Our Zoo is a British drama television series from BBC One, first broadcast on 3 September 2014. The six-part series, written by Matt Charman and directed by Andy De Emmony, is about George Mottershead, his dreams of creating a cage-free zoo, his family and how their lives changed when they embarked in the creation of Chester Zoo.
This is such a charming series. It follows the story of George Mottershead and family in their quest to open a zoo. The series as a whole follows from the initial idea to whether the zoo gets the go ahead. It is based on the real story of the battle to get Chester Zoo open and brought a new awareness of the story to a generation.
The animals in the series were all charming and adorable from Mortimer the monkey to penguins to the little baby bears they brought a whimsical element to the show. Of course a zoo needs animals but the actors and actresses were interacting with the animals in such a way that makes the viewer themselves wish they had a chance to do the same, especially the monkey on the shoulder.
The cinematography in this series is sharp and well planned with the angles and lighting delivering the maximum impact for the audience. It helps create a mood and brings the emotions of the characters to the fore. A clear example of this is George’s brooding in his dark, dingy study where the worst of his character would appear.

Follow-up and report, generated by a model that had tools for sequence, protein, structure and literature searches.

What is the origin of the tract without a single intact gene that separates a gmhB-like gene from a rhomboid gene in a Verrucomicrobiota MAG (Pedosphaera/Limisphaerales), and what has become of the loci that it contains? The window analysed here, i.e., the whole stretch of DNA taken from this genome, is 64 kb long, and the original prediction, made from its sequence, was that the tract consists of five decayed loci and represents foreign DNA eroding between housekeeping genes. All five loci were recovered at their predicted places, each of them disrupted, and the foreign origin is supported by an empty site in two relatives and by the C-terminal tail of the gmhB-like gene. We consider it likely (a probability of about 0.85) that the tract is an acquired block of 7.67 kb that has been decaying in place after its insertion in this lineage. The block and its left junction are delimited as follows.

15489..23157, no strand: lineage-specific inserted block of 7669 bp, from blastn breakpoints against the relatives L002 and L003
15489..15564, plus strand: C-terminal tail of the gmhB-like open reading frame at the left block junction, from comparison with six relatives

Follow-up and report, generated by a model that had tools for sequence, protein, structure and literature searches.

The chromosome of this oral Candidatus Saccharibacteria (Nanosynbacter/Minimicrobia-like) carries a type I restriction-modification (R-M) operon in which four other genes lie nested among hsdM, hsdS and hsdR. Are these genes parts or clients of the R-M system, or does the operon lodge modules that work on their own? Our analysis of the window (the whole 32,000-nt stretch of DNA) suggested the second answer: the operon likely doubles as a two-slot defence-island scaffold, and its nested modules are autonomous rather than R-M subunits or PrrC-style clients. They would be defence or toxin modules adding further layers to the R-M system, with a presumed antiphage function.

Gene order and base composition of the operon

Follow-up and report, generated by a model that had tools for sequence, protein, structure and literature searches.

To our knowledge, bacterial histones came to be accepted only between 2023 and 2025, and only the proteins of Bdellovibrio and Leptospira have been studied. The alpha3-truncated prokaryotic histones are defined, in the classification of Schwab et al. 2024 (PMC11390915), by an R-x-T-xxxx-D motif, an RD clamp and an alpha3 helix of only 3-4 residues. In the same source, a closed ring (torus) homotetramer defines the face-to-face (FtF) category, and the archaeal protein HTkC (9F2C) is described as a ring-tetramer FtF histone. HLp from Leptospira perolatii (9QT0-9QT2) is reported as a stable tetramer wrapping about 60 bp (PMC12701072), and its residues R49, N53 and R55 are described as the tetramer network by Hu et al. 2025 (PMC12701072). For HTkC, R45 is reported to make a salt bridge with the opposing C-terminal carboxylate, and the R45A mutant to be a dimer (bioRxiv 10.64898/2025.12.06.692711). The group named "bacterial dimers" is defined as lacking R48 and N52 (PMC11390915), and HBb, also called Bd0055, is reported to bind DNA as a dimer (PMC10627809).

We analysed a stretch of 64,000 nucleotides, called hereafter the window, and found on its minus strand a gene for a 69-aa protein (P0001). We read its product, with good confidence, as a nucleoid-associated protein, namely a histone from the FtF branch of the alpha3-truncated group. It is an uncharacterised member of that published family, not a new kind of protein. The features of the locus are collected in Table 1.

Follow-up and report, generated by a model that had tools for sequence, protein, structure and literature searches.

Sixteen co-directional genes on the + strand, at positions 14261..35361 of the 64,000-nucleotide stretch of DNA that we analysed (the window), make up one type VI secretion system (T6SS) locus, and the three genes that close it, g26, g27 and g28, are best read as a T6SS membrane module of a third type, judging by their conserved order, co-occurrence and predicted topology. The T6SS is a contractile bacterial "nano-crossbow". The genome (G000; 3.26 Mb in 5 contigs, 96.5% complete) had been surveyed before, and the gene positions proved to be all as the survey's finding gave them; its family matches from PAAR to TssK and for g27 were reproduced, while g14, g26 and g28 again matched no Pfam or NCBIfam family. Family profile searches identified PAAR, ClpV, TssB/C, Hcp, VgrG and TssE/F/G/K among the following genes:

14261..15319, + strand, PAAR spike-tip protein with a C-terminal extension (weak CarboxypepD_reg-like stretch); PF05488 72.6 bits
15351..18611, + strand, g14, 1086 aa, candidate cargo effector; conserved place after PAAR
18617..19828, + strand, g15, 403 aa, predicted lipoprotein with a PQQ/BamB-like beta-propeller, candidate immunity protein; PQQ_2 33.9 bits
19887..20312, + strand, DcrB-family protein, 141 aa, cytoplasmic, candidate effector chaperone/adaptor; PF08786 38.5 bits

The actors themselves made the programme come to life with their emotions on screen seemingly heartfelt and true. It is clear that the actors themselves have invested time to get into character and learn more. Having read character interviews it is clear that they felt a sense of purpose to so this series justice, and they truly melded as a family on screen.
As a dramatisation, there is an expectancy of some extra scenes and side-stories to make the plot a little richer. While watching the series you think, hmmm I don’t think that really happened but it does work well with the story. So kudos to the script writers for this. It adds to the mystique of Chester Zoo and encourages you to look into its rich history.
Overall this series is spectacular and gripping with a will it, won’t it feel (although we all know Chester Zoo exists) and has the ability to inspire the next generation of Zoo-ologists into the field. It also ends on a poignant note for June Mottershead and leaves the viewer wanting another series.